- Mongol invasions of Syria
Mongol invasions of Syria
the Mamluk-Ilkhanid War
1260 Mongol offensives in the Levant
Date 1260-1323 Location Syria, Iraq, Cilicia, Turkey, Levant Result The Treaty of Aleppo Belligerents Ilkhanate of the Mongol Empire Bahri dynasty
Golden Horde of the Mongol Empire
Commanders and leaders Kitbuqa
Emir Baibars al-Jashnakir
Sultan Al-Nasir Muhammad
Al-Kamil of Mayyafariqin
Karamanoğlu Mehmet Bey
Strength Unknown Unknown Casualties and losses Unknown (heavier than the Mamluks) Unknown (heavy)
Starting in the 1240s, the Mongols made repeated invasions of Syria or attempts thereof. Most failed, but they did have some success in 1260 and 1300, capturing Aleppo and Damascus and destroying the Ayyubid dynasty. The Mongols were forced to retreat within months each time by other forces in the area, primarily the Egyptian Mamluks. Since 1260, it had been described as the Mamluk-Ilkhanid War.
- 1 First invasion
- 2 1260 invasion
- 3 Abbasid Caliphate in Cairo and the rebellion in Mosul
- 4 1271 invasion
- 5 Area alliances
- 6 1281 invasion
- 7 The Mamluk-Ilkhanid War: 1299-1303
- 8 Treaty of Aleppo
- 9 Notes
- 10 References
- 11 External links
During the governorship of Bachu in Persia, the Mongolian army under Yisaur attacked Syria in 1244. The reasons for it unclear, but it may be in retaliation for Syrian participation on the Seljuk side in the battle of Kose Dag. In the autumn 1244, Yisaur concentrates the Mongol forces in the upper Tigris valley where they subjugated the Kurdish province of Akhlat. Moving across, the Mongolian army encountered no resistance and ravaged the area en route. The fortified cities were untaken in his advance because Yisaur was not prepared for siege assault. Passing through the territory of the city of Urfa, he crossed the Euphrates.
He marched directly to Aleppo but went as far as Hailan before the climate impaired his army's movements. Yisaur sent envoys to Aleppo to demand submission of tribute, which Malik agreed to pay. The same demand were sent to Bohemund of Antioch who chose not to fight them instead of defiance.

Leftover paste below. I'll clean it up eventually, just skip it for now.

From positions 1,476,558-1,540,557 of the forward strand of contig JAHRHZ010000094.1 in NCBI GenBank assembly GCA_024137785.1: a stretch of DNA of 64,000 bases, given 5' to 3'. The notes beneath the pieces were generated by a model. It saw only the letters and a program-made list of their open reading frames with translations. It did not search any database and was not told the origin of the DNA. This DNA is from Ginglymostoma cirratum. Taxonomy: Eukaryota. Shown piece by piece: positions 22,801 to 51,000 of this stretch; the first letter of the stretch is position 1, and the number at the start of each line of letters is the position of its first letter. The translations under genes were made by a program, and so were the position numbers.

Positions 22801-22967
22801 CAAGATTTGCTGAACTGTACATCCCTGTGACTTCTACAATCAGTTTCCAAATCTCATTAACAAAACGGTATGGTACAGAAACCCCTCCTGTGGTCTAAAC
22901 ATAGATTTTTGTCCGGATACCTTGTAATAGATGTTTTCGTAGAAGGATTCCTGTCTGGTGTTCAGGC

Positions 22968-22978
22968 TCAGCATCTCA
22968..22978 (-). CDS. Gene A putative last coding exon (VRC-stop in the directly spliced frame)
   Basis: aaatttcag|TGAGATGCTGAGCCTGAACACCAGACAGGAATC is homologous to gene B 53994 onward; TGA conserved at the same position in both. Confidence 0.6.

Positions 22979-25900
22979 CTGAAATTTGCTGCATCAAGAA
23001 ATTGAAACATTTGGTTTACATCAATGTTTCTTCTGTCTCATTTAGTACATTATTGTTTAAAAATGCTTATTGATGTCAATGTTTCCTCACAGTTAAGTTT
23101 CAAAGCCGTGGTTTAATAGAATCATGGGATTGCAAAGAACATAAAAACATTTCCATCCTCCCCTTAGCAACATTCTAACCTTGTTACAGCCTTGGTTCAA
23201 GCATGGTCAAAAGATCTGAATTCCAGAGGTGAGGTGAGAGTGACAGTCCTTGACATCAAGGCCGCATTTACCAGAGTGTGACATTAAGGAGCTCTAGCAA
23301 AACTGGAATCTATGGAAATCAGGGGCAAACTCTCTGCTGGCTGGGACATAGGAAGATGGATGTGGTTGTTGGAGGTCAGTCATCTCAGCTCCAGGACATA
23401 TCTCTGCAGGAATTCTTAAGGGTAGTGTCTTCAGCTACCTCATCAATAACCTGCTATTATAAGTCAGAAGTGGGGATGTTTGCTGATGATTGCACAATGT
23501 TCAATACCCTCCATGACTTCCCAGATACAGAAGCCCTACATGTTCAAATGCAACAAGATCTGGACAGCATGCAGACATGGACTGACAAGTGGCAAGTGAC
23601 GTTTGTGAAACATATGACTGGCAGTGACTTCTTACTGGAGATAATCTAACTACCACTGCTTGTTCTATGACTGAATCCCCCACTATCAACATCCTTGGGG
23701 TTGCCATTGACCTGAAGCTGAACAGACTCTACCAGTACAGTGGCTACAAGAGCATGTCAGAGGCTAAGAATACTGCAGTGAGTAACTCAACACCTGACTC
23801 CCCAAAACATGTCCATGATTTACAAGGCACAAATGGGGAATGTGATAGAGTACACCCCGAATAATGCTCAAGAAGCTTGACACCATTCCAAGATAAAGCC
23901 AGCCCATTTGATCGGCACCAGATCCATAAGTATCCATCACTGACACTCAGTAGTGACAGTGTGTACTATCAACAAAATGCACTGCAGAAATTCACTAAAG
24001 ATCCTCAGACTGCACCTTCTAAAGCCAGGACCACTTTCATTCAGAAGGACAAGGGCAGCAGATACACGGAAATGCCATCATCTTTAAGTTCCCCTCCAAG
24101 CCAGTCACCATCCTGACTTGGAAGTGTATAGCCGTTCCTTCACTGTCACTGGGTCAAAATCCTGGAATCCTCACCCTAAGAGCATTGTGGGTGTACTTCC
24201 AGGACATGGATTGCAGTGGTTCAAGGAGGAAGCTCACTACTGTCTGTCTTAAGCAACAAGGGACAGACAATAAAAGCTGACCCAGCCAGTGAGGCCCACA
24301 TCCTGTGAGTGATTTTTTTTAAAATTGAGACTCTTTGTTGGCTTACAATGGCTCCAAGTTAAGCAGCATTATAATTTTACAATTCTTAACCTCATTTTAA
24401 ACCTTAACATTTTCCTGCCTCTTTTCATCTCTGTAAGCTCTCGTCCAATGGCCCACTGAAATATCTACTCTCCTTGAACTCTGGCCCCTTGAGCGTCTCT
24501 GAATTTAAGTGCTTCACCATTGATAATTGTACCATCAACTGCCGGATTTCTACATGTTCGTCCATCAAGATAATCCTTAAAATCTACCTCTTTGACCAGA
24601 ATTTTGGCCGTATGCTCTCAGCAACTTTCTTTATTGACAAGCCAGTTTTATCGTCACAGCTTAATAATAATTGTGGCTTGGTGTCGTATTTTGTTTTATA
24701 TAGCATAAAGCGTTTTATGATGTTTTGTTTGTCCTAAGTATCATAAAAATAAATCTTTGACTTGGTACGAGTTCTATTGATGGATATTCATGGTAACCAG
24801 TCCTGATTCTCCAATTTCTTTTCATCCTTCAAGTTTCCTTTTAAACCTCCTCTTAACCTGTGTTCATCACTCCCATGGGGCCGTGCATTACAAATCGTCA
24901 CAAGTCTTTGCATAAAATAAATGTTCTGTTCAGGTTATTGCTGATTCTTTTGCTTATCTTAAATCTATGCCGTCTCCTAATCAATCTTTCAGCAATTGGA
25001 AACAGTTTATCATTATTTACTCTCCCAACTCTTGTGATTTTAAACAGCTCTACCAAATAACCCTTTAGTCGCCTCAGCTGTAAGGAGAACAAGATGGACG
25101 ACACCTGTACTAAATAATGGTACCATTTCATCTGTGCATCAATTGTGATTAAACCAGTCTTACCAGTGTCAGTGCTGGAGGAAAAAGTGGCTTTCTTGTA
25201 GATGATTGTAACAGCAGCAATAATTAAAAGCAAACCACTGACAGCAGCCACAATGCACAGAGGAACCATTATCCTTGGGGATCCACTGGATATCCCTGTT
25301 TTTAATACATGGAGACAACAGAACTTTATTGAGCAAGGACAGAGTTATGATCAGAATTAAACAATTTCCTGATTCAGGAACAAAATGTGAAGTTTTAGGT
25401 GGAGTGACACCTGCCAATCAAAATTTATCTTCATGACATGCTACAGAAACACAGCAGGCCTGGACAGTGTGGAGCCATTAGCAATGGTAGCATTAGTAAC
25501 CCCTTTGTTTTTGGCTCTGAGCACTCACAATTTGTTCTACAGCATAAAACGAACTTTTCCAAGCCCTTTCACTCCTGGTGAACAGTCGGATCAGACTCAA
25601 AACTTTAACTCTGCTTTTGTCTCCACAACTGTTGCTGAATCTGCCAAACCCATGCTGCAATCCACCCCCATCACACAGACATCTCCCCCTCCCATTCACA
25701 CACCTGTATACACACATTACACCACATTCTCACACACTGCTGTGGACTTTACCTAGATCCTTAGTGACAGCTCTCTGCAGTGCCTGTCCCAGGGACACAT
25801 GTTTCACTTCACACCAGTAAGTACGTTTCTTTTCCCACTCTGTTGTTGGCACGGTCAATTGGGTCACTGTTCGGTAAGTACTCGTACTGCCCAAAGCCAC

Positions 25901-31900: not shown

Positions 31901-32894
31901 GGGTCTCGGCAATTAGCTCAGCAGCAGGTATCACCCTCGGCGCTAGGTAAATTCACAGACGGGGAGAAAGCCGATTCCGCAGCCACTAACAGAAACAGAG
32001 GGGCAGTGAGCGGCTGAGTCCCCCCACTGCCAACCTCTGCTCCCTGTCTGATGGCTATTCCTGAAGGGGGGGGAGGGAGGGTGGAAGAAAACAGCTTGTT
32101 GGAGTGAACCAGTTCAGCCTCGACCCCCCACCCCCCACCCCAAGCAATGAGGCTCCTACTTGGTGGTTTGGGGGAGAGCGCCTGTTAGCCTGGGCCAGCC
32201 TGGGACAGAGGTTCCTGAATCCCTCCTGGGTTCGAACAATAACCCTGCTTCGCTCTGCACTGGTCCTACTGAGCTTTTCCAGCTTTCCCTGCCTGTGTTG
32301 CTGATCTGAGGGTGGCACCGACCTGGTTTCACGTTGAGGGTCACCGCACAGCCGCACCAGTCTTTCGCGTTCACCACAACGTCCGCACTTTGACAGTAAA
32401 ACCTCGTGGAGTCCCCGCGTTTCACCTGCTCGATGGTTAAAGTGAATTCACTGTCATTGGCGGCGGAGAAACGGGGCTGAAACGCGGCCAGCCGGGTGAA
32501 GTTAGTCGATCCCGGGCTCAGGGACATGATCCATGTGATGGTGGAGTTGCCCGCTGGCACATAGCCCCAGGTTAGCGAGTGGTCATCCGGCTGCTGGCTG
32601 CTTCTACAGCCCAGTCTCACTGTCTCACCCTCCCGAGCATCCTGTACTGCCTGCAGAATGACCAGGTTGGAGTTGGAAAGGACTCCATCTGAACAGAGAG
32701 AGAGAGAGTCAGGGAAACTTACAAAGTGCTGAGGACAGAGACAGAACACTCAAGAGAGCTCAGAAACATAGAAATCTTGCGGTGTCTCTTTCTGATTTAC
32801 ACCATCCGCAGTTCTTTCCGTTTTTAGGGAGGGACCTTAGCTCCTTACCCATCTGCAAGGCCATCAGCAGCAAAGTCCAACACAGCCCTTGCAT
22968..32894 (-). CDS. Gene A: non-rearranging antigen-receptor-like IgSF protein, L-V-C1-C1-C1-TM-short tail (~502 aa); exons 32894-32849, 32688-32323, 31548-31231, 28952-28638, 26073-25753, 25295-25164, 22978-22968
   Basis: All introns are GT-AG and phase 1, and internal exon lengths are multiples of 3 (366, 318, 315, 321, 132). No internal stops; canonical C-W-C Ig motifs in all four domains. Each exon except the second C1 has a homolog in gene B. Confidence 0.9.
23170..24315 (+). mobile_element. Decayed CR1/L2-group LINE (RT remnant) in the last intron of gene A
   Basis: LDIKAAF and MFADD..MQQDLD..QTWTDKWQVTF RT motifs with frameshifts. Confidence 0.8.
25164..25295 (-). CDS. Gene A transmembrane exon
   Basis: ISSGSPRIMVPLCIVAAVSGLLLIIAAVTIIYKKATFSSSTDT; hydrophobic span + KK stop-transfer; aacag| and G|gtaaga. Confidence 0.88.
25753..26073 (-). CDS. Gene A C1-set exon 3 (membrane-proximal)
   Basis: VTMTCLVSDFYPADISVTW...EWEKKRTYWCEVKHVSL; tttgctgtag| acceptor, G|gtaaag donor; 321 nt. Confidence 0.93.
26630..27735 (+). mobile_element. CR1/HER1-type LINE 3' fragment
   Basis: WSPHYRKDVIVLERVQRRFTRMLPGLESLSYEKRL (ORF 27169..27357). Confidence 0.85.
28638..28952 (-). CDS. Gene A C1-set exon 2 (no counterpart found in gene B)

Yisaur withdrew his force back up the Euphrates valley and received the submission of Malatia. In Egypt, Sultan Saleeh decided to acquiess in the results and made no attempt to raise an army to encounter the Mongols who had invaded his dominions in Syria.
In 1251, as an expediency to buy peace, Sultan Nasir sent his representatives to Mongolia for the election of Mongke and agreed to make Syria a vassal state of the Mongol Empire.
Under orders from his older brother, the Great Khan Mongke, in 1255 Hulagu sought to further expand the Empire into the Middle East. His forces subjugated multiple peoples along the way, most notably the center of the Islamic Empire, Baghdad, which was completely sacked in 1258, causing the destruction of the Abbasid Caliphate. From there, the Mongol forces proceeded into Syria.
In 1260, Egypt was under the control of the Bahri Mamluks, while most of the Levant (aside from the Crusader states) was still under the control of Ayyubid princes. The Mongols, for their part, had combined their forces with that of their Christian vassals in the region, the Georgians; the army of Cilician Armenia under Hethum I, King of Armenia; and the Franks of Bohemond VI of Antioch. The combined forces captured the city of Aleppo, and then on March 1, 1260, under the Mongol Christian general Kitbuqa, took Damascus. The last Ayyubid king, An-Nasir Yusuf, was captured by the Mongols near Gaza in 1260. However, Hulagu promised him that he would appoint An-Nasir Yusuf as his viceroy in Syria. With the Islamic power center of Baghdad and Syria gone, the center of Islamic power transferred to the Mamluks in Cairo.
Hulagu's intention at that point was to continue south through Palestine to Egypt, to engage the Mamluks. However, Mongke died in late 1259, requiring Hulagu to return to Karakorum to engage in the councils on who the next Great Khan would be. Hulagu departed with the bulk of his forces, leaving only about 10,000 Mongol horsemen in Syria under Kitbuqa. Some of Kitbuqa's forces engaged in raids southwards towards Egypt, reaching as far as Gaza, where a Mongol garrison was established with 1,000 troops.
The Mamluks took advantage of the weakened state of the Mongol forces, and, negotiating a passive alliance with the remnants of the Crusader forces in Acre, advanced northwards to engage the Mongols at the pivotal Battle of Ain Jalut in September 1260. The Mamluks achieved a decisive victory, Kitbuqa was executed, and the battle established a highwater mark for the Mongol conquests. In previous defeats, the Mongols had always returned later to re-take the territory, but they were never able to avenge the loss at Ayn Jalut. The border of the Mongol Ilkhanate remained at the Tigris River for the duration of Hulagu's dynasty. the Sultan An-Nasir and his brother were executed after Hulagu heard the news of the defeat of Kitbuqa at Ain Jalut.
In December 1260, Hulagu sent 6,000 troops back into Syria, but they were defeated at the First Battle of Homs.
Abbasid Caliphate in Cairo and the rebellion in Mosul